object or something you just painted by yourself - and yet somehow always convey the impression of a visible and 'objective' reality. Painting
has such a vast capacity, it is such a humongous space...I just let this distance exist...many spaces do not need to be filled completely".
The works belonging to the 2008 series come wreathed in a semi-transparent, vividly blue atmosphere in which formally simplified figures
appear suspended, as if floating in a liquid element. On this point, the artist confides: "This is the bluest and most mischievous series of works
I have ever painted. This mischievousness resides, among other things, in the fact that the surface of these paintings visually invokes distinct
layers of swaying waves whose unceasing movements render the figures in the depths not readily identifiable".
When viewing Xie Nanxing's paintings from the 2008 series, spectators' eyes, like a camera lens focusing, start an attentive process of image-
detection. As if the canvasses were film negatives placed against a luminous source, nebulous human shapes gradually come into relief, thrust
to the fore by the artist's painted light intruding from behind.
If a harsh, alienating glare seems to physically transfix the subjects from the back, generating an impression of aggressive intrusion in Xie
Nanxing's works from the so-called "billiard tables" series (2005), the pictorial rendering of the light in the 2008 series imparts an even more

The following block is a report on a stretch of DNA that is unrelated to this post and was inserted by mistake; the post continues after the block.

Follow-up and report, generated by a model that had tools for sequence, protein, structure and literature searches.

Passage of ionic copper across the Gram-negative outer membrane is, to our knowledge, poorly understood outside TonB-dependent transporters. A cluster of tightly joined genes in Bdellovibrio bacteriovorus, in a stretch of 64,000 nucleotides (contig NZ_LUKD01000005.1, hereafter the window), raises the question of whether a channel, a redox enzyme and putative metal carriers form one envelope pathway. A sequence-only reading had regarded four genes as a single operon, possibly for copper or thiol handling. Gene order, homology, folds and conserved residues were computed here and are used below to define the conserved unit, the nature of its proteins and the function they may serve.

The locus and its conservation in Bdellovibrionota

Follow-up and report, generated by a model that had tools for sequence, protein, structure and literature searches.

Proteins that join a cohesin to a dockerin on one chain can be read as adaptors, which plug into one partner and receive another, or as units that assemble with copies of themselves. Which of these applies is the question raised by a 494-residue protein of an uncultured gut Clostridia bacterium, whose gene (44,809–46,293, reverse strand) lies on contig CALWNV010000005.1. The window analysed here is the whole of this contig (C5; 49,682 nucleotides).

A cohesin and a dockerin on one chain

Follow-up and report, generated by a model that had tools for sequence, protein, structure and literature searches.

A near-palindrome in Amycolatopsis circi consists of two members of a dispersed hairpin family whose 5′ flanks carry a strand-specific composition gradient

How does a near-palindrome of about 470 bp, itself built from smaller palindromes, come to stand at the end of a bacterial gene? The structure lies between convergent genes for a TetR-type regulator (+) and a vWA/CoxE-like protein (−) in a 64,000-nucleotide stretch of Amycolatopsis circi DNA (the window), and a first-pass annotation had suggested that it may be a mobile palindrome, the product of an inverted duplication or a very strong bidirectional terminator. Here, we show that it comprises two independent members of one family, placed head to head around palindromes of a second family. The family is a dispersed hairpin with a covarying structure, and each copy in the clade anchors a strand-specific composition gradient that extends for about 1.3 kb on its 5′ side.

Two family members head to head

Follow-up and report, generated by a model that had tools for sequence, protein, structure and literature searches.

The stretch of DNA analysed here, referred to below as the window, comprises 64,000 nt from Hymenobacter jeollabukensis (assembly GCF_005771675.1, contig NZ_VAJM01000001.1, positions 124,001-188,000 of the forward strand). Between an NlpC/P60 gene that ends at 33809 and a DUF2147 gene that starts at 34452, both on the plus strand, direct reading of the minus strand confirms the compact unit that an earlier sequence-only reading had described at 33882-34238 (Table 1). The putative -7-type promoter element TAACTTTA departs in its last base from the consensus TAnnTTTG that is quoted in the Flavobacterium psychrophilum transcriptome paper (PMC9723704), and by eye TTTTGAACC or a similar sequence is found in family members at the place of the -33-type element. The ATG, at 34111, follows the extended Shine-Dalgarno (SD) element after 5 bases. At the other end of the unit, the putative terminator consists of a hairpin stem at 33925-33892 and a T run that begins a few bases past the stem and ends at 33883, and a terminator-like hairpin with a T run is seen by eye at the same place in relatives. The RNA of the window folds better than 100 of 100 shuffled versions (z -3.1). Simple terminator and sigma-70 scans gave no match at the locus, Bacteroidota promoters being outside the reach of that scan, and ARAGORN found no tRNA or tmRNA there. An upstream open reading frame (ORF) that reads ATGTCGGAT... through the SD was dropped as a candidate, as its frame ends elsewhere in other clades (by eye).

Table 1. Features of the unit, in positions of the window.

uncanny and disquieting feeling. In the recent blue series, this perception is further exacerbated by the monochromatic synthesis of the
subjects with the background, as well as by Xie Nanxing's pictorial use of inverted light and darkness, in a manner reminiscent of the
engraving process characterized by xylography - a technique all too familiar to Xie Nanxing from his specialised studies at the Sichuan Fine
Arts Institute. With their evanescent, elongated, comic-strip bodies and their almost completely obliterated features, the characters crowding
Xie Nanxing's 2008 works swarm like eerie phantoms that, behind a childlike appearance, hide ambiguous and unspeakable secrets. As soon
as the viewer registers such elements as the exact same uniform worn by the subjects in all three works, or the much taller, differently-clothed
human figure with raised hands and an inexplicable smirk on its face that towers in the middle of the group in the first canvas, the search for a
conceptual connection among the canvasses takes flight. The observer's voyeuristic lusting to disrobe the truth and unearth the plot of a story
might, however, be requited with an unexpected lash of the whip, as suggested by the title of the series The First Round with a Whip (No. 1, 2,
3), also known as The Wave (No. 1, 2, 3). "Education is often somehow related to punishment", art professor Xie Nanxing sardonically affirms.
"Education might be an occasion to attain mutual satisfaction...if I staged all this in my current works, it is in order to let the bellwether and the
younger sheep following it mutually fulfill their wishes. Perhaps this is the finest result of education".
Just what is this desire, this wish that Xie Nanxing brands 'romantic'? As director of his "big show of yearnings", Xie Nanxing plays along with
the observer, slips himself right into the game and then, eventually, his ultimate hope perhaps is simply to be unmasked.
Galerie Urs Meile Beijing
D10, 798 East Street, 798 Art District
No. 2 Jiuxianqiao Road Chaoyang District
100015 Beijing, China
Galerie Urs Meile Lucerne
6004 Lucerne, Switzerland